COVID in retreat locally and globally | News


Expressed in weather terms, the current COVID situation is 72F with a slight ocean breeze.

According to data from the N.C. Department of Health and Human Services, for the week of March 10-17, only 10 cases were reported in Jackson County, a tremendous drop from the pandemic’s peak of 135 reported in one day, just 55 days ago.

“Cases continue to decline and the latest wastewater results show declines as well,” said Anna Lippard of the Jackson County Department of Public Health.

The Centers for Disease Control and Prevention monitors wastewater in sites across the country, the sewage acting as a bellwether for infection.

North Carolina’s numbers follow the downward trend, down to 372 cases reported on March 21, a precipitous fall from the pandemic record one-day total of 44,833 on Jan. 13.

For the two-week period ending March 21, cases in the U.S. fell 29 percent from the two-week period ending March 7.

That 72F day with a slight ocean breeze has a potential cloud on the horizon.

Health officials are wary about BA.2, the newest coronavirus variant – but not the last – first detected in January. It is spreading across the U.S., particularly in the Northeast and West, according to the CDC.

The variant most likely will soon be the dominant strain. Cases have almost doubled every week over the past month, the CDC said.

BA.2 is considered a “sublineage” of the Omicron variant, the most transmissable to date. 

BA.1, the original Omicron strain, was responsible for the largest surge of cases since the pandemic began in late 2019.

Worldwide, new infections are primarily from the BA.2 Omicron sublineage. In the U.S., it accounted for 23.1 percent of new cases for the week ending March 12, an increase from 14.2 percent the previous week, the CDC said.

Studies indicate BA.2 is more transmissible than Omicron BA.1, according to the World Health Organization. 

It is too early to tell if BA.2 is making a noticeable impact, But public health officials say they are closely monitoring its spread.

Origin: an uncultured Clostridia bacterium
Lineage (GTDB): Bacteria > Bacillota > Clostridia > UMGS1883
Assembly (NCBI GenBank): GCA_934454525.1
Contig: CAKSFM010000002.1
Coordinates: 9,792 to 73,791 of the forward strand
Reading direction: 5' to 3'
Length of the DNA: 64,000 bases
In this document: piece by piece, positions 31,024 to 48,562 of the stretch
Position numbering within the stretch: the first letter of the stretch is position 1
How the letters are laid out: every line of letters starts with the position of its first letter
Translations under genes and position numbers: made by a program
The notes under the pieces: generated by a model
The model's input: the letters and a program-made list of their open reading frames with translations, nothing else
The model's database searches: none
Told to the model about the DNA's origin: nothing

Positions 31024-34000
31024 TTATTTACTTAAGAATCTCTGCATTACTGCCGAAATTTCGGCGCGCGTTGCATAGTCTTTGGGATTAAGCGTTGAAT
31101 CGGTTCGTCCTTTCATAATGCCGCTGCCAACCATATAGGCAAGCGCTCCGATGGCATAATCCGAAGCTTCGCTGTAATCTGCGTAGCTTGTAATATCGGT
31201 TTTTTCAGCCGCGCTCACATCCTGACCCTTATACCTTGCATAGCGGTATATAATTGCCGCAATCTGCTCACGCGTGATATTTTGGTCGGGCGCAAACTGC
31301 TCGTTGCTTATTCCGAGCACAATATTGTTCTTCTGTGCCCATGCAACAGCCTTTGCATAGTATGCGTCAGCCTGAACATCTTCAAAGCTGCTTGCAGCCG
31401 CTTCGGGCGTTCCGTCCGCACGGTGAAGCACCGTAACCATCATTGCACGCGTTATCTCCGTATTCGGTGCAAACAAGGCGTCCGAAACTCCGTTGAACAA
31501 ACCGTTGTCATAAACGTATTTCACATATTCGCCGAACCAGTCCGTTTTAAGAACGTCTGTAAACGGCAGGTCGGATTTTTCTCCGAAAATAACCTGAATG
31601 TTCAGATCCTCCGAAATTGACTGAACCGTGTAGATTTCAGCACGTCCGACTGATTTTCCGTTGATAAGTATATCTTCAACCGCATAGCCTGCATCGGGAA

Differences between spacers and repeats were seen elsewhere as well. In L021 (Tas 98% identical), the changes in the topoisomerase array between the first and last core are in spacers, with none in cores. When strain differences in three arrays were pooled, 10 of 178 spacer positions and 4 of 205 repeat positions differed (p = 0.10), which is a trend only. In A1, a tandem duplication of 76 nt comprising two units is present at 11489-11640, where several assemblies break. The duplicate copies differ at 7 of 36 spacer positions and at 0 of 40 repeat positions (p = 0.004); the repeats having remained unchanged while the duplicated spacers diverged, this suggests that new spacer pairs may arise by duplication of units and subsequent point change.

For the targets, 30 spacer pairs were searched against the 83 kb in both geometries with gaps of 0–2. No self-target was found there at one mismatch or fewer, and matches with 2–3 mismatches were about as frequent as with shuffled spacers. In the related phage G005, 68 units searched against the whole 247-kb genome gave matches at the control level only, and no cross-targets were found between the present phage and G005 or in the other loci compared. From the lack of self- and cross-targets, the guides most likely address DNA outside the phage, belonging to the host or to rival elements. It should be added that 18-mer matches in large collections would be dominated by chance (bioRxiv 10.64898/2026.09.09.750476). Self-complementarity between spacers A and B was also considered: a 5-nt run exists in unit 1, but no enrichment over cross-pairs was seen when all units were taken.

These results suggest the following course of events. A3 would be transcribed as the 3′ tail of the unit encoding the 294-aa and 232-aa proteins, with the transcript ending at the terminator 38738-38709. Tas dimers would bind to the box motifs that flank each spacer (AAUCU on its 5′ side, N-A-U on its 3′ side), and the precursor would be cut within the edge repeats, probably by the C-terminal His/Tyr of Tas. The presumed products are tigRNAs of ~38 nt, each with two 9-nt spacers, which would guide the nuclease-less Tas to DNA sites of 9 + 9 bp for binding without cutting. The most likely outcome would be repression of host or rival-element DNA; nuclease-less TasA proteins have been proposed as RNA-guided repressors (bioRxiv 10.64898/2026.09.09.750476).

About half of U.S. adults have not had a booster, the third shot, recommended by health officials for the best protection against infection 

Free COVID testing will be available through the OptumServe program at 154 Medical Park Loop, the old Meridian Building, until noon Monday, according to Lippard.

Those without internet access can register by calling 877-562-4850. Anyone can be tested, including those who are underinsured, uninsured, undocumented or homeless.

“We will continue to offer free testing through the health department, as well as provide at-home tests for free as long as supplies last,” Lippard said. 

Jackson County Public Schools on Wednesday reported no COVID-19 cases among staff or students. Last week, the school system reported two student cases, both at Scotts Creek Elementary School. The Board of Education voted Tuesday evening to leave the system’s mask policy at “optional.” 

The N.C. Department of Health and Human Services reports 9,279 total cases in the county through March 19, up 20 from 9,259 reported on March 13.

Western Carolina University’s dashboard (wcu.edu/coronavirus/reporting.aspx) reports two new cases over the past week. Since July 1, 2020 there have been 1,855 cases among students and 329 among employees.



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